How can funding of long-term care adapt for an ageing population?

Sue Collins

The current long-term UK funding model is unfair, not clear and unlikely to be sustainable in future. How can we improve the system?

As the population ages, demand for long-term care is growing. By 2050 there will be twice as many people aged over 85 and overall costs will increase fourfold. Present rules determining who pays for what are riddled with inconsistencies. Current spending is also too low to provide adequate service levels so, without change, older people will have to pay more from their own pockets.

In this study, Sue Collins from the Joseph Rowntree Foundation suggests the following ways forward: 

  • fairer and more sustainable methods of funding, including equity release, higher capital limits for care home fees, the doubling of the personal expenses allowance, free personal care for more people in nursing homes, and payment by the State of a fixed percentage of all core costs;
  • practice innovations including a co-payments/social insurance scheme and a loan stock/bonds scheme.
Summary

Summary

What’s the issue?

The current long-term funding model in the United Kingdom is unfair, not clear and unlikely to be sustainable in future.

What are the problems?

  • As the population ages, demand for long-term care is growing. By 2050 there will be twice as many people aged over 85 and overall costs will increase fourfold.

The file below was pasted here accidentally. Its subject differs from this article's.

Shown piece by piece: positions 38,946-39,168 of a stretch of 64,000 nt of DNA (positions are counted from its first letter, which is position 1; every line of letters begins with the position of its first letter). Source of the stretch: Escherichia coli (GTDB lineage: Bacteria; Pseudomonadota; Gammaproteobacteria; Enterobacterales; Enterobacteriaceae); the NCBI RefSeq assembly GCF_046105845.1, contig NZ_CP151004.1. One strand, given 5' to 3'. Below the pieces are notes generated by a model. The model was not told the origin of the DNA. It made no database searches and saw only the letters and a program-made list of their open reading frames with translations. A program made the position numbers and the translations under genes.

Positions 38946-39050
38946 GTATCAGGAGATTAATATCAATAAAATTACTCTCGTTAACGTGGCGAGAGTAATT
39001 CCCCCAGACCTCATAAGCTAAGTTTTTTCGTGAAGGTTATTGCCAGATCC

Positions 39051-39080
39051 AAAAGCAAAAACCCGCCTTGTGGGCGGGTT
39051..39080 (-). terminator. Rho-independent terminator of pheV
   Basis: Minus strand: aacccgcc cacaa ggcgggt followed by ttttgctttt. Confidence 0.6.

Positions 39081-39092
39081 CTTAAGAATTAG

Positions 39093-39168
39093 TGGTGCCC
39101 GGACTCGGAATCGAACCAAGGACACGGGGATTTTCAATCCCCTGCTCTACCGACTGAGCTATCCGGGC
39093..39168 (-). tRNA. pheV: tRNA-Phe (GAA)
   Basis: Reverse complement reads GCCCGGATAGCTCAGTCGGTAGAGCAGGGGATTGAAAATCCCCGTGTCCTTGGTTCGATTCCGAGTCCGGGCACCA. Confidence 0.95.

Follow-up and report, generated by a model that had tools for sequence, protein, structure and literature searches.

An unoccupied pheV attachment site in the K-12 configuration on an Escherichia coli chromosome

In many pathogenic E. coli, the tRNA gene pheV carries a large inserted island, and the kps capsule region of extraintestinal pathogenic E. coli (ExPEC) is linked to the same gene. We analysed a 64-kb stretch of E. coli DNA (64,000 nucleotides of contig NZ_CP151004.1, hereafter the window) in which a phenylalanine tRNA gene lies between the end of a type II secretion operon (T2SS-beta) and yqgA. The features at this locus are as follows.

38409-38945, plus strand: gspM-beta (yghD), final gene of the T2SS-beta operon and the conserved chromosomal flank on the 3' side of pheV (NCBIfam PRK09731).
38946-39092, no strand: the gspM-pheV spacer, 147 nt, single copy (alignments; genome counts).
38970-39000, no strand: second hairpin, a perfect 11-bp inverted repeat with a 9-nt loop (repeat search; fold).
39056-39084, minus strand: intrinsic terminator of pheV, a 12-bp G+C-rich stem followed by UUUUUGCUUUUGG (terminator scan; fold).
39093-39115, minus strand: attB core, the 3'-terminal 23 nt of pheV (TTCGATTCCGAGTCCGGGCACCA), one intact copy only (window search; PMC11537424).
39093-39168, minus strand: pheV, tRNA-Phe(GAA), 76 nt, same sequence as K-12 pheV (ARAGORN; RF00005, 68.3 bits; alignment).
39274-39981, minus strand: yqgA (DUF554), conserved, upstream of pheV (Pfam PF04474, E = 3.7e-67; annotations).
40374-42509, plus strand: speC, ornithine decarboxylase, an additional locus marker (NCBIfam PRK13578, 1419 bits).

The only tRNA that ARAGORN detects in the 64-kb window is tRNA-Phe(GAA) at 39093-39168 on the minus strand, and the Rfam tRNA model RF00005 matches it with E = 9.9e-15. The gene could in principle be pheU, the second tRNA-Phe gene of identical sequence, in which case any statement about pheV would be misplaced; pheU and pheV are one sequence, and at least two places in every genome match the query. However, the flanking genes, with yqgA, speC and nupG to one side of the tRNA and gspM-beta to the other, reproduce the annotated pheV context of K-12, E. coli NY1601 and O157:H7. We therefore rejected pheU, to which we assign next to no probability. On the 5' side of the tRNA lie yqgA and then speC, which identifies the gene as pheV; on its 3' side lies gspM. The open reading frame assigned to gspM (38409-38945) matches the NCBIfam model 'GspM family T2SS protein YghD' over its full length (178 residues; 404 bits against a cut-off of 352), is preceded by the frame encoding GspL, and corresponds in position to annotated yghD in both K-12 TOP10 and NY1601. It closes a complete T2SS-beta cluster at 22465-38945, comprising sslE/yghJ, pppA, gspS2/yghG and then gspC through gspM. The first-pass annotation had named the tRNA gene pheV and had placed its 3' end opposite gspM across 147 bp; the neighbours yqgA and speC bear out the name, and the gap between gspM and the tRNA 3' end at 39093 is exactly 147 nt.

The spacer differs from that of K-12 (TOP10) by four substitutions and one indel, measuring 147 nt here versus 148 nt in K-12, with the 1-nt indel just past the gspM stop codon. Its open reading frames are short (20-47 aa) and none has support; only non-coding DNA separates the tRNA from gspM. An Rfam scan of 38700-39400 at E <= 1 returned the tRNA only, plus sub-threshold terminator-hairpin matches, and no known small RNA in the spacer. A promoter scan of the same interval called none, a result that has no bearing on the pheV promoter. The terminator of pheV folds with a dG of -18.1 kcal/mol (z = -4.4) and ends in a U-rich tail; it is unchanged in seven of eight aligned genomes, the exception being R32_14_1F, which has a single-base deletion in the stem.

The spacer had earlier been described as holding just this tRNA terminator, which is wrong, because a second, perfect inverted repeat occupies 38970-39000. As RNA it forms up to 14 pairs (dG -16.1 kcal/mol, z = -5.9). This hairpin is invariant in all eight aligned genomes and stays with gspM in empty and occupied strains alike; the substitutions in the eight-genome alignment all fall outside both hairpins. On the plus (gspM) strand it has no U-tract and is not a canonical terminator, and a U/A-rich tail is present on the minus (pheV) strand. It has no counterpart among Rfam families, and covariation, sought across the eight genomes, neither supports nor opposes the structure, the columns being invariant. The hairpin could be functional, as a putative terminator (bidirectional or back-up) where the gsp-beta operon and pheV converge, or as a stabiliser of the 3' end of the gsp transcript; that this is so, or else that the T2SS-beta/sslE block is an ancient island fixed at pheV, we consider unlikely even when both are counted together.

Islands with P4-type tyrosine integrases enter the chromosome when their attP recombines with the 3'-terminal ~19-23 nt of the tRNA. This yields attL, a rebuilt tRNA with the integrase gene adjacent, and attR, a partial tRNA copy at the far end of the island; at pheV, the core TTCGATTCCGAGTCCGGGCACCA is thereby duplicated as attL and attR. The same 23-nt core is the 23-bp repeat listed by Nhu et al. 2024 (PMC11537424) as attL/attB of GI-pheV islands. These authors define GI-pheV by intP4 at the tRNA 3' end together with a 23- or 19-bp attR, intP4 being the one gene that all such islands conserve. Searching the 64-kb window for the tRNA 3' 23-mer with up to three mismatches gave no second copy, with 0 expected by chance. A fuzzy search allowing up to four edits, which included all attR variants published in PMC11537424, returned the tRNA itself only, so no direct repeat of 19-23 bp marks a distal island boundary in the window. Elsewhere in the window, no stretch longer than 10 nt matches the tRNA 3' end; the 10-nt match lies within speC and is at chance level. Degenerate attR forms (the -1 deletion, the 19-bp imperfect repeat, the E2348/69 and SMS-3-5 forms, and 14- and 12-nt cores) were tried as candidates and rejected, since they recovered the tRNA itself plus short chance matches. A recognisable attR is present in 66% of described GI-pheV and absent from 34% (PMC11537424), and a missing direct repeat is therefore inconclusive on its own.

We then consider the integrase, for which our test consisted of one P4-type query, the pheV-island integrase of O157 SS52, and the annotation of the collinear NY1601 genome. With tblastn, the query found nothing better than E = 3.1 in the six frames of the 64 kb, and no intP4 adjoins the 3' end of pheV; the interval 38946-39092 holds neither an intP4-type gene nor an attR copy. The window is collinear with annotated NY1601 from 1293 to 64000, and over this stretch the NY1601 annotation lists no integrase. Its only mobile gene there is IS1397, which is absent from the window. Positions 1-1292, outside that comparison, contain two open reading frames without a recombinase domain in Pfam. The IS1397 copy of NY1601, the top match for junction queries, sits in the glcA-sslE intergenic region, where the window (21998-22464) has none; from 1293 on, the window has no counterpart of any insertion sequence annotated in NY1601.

• Current spending is too low to provide adequate levels of services.
  • Without changes, older people increasingly will have to pay more from their own pockets.
  • The present system of paying for care is riddled with inconsistencies in the rules determining who pays what.
  • Although the system is designed to ensure support for the worst off, older people with few assets and on low incomes often have no choice over their care or are deprived of their dignity.

Ways forward

System improvements

  • Fairer and more sustainable methods of funding, including:
    • Equity release, allowing older homeowners to pay for home-based care by deferring the costs until their home is sold.
    • Higher capital limits for care home fees to help those with modest assets.
    • Doubling of the personal expenses allowance for people living in care homes supported by local authorities.
    • Free personal care for more people in nursing homes to extend public coverage of care costs.
    • Payment by the State of a fixed percentage of all core costs, with individual co-payments funding the rest. This would radically redistribute public resources spent on long-term care.

Practice innovations

Pooled risk makes it possible to support those least able to afford care home charges. Through its care provision, the JRF demonstrates how some of these solutions work in practice:

  • Co-payments/Social insurance scheme - residents pay a monthly fee established at the outset according to their age.
  • Loan stock/Bonds scheme - new residents invest in the scheme, giving them to a rebate on their residential or nursing care fee. A bursary fund is generated from excess interest earned, which is used to supplement the fees of residents in receipt of State support.
Downloads

Downloads